28.3 • Replication of DNA
DNA replication is an enzyme-catalyzed process that begins with a partial unwinding of the double helix at various points along the chain, brought about by enzymes called helicases. Hydrogen bonds are broken, the two strands separate to form a “bubble,” and bases are exposed. New nucleotides then line up on each strand in a complementary manner, A to T and G to C, and two new strands begin to grow from the ends of the bubble, called the replication forks. Each new strand is complementary to its old template strand, so two identical DNA double helices are produced (Figure 28.5). Because each of the new DNA molecules contains one old strand and one new strand, the process is described as semiconservative replication.
Addition of nucleotides to the growing chain takes place in the 5′ → 3′ direction and is catalyzed by the DNA polymerase enzyme. The key step is the addition of a nucleoside 5′-triphosphate to the free 3′-hydroxyl group of the growing chain with the loss of a diphosphate leaving group.
Because both new DNA strands are synthesized in the 5′ → 3′ direction, they can’t be made in exactly the same way. One new strand must have its 3′ end nearer a replication fork, while the other new strand has its 5′ end nearer the replication fork. What happens is that the complement of the original 5′ → 3′ strand is synthesized continuously in a single piece to give a newly synthesized copy called the leading strand, while the complement of the original 3′ → 5′ strand is synthesized discontinuously in small pieces called Okazaki fragments (named for Tsuneko Okazaki, in recognition of her discovery of them) that are subsequently linked by DNA ligases to form the lagging strand.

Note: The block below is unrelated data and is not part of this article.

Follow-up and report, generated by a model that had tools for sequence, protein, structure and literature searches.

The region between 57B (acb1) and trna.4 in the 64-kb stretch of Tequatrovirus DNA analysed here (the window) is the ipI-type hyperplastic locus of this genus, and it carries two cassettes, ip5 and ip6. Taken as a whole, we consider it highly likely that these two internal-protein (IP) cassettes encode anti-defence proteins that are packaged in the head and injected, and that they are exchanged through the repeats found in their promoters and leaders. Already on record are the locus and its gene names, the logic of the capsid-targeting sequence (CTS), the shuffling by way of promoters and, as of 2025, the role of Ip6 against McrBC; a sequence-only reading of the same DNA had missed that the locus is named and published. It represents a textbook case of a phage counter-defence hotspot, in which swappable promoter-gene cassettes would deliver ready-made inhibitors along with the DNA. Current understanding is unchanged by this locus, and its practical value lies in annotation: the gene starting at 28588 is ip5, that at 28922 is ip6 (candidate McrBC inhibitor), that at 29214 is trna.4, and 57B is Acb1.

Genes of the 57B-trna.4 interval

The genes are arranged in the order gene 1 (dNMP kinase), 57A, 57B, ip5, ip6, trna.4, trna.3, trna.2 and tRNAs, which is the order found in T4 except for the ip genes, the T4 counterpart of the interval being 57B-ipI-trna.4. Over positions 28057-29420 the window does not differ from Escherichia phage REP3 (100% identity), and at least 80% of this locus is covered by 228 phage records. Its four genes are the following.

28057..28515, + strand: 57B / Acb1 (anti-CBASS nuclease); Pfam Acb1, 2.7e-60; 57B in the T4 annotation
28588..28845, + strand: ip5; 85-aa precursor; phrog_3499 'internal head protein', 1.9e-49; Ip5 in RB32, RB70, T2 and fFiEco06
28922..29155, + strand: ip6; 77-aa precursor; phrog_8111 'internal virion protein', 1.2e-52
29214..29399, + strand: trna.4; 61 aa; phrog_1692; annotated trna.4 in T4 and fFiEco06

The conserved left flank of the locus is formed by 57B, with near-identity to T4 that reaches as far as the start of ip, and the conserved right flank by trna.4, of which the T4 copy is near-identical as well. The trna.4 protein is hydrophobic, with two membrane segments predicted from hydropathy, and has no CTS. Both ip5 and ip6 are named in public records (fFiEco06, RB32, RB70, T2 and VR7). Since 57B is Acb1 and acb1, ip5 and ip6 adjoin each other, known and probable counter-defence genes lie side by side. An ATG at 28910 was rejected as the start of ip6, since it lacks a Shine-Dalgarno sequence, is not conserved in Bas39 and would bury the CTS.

The magnitude of the replication process is staggering. The nucleus of every human cell contains 2 copies of 22 chromosomes plus an additional 2 sex chromosomes, for a total of 46. Each chromosome consists of one very large DNA molecule, and the sum of the DNA in each of the two sets of chromosomes is estimated to be 3.0 billion base pairs, or 6.0 billion nucleotides. Despite the size of these enormous molecules, their base sequence is faithfully copied during replication. The entire copying process takes only a few hours and, after proofreading and repair, an error gets through only about once per 10 to 100 billion bases. In fact, only about 60 of these random mutations are passed on from parent to child per human generation.